One of my favorite wines was the Viñas del Vero Chardonnay Coleccion, 2015. The winery is in the north of Spain, near the Pyrenees and the French border, in an area where a lot of foreign grape varietals including chardonnay, are grown. Aromatic, and just slightly off-dry, it tasted of very ripe pineapples and guava. It was closer in structure to a French-style chardonnay rather than the buttery style of an American chardonnay, which I felt made it easier to drink large amounts. The chardonnay paired well with seafood and chorizo paella that was closer to the Filipino style of paella that my grandmother used to make, rather than the traditional Spanish paella. It also stood up to marinated baby octopus with green olives.

Bouquerenos pairs well with cowa or fino sherry (Manila Bulletin)

Bouquerenos pairs well with cowa or fino sherry (Manila Bulletin)

The Beronia Verdejo Rueda 2014 is another white wine that works well in our hot climate. With crisp acidity and the faintest hint of bitterness that is characteristic of the verdejo grape, it reminded me of fresh green herbs and newly cut grass, with just enough fruitiness to balance things out. It’s the kind of wine that you can keep in your fridge and break out after a long day of traffic. Verdejo, I was told, is trendy in Spain right now.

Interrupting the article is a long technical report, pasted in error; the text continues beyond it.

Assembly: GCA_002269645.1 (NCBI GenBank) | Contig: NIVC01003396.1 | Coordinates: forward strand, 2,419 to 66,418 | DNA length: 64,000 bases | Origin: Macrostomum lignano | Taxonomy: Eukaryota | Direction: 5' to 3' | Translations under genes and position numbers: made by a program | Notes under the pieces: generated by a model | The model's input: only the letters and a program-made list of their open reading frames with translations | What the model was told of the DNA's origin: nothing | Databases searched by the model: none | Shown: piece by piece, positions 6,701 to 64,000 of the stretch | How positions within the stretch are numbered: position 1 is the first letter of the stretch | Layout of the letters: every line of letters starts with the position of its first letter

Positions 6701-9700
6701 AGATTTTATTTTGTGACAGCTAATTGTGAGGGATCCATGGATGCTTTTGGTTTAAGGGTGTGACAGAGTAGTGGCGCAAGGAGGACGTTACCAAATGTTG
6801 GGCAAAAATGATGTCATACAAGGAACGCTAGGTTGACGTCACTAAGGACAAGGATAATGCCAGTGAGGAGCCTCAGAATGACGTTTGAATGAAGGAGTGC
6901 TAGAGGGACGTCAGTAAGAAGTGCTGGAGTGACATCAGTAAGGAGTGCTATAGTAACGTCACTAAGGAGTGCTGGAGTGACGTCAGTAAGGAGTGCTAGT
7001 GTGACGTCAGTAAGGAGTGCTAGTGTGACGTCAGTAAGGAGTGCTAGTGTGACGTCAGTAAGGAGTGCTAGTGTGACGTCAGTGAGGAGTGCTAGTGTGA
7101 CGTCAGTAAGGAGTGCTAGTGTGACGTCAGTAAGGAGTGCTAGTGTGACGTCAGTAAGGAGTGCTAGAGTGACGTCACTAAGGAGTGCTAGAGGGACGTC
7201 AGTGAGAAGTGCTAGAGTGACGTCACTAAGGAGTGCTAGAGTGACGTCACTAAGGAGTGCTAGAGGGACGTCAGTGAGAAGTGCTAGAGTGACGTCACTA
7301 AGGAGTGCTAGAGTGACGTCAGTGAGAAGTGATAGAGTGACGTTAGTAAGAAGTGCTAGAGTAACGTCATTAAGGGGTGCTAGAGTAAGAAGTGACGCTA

Among the reds, I really enjoyed the Finca Constancia Parcela 23, 2013. The wine is 100 percent Tempranillo grape from a single plot or parcel of land in the Finca Constancia vineyard. Señor Tamames explained that 220 hectare vineyard is divided into 75 plots or parcels, each one planted with a single grape variety. When the grapes from a certain parcel of land grow so well that they express the best of their characteristics, the winery often decides to make and release a wine made only from those grapes. So Parcela 23 is from plot number 23 in the vineyard, and spent six months in a French oak barrel. It was a very round, fruity wine; silky and full in the mouth, with hints of spice and red berries. It’s the kind of wine you can serve with meat, chorizos, or those addictive Spanish croquetas that are often stuffed with cheese or ham. It also went well with churros dipped in chocolate—contrasting sweet with spice and berry tartness, rather than matching sweet with sweet.

The Alfonso Oloroso Sherry, with its nuttiness, hints of leather, touches of vanilla, and a sweet note on the finish, went well with the churros as well. This type of fuller-bodied sherry goes well with meats and heavier dishes, according to Señor Tamames.

The wines are all pretty reasonably priced at Barcino, ranging from about R1,150 to R1,500 (for the cava), and are definitely value for money. They will most likely also be available at Sofitel (even beyond the Wine Days promotion).

​Email me at cbj2005@gmail.com or follow me on Instagram/@eatgirlmanila

 Sofitel Philippine Plaza Manila’s Wine Days 02 832 6988 or H6308-FB12@sofitel.com .

​The wines are available at Barcino branches in The Fort, Alabang, Greenbelt 2, Ortigas, Greenbelt 5, Rockwell, Alabang, and SM Aura. Call 02 654 9235 to 37.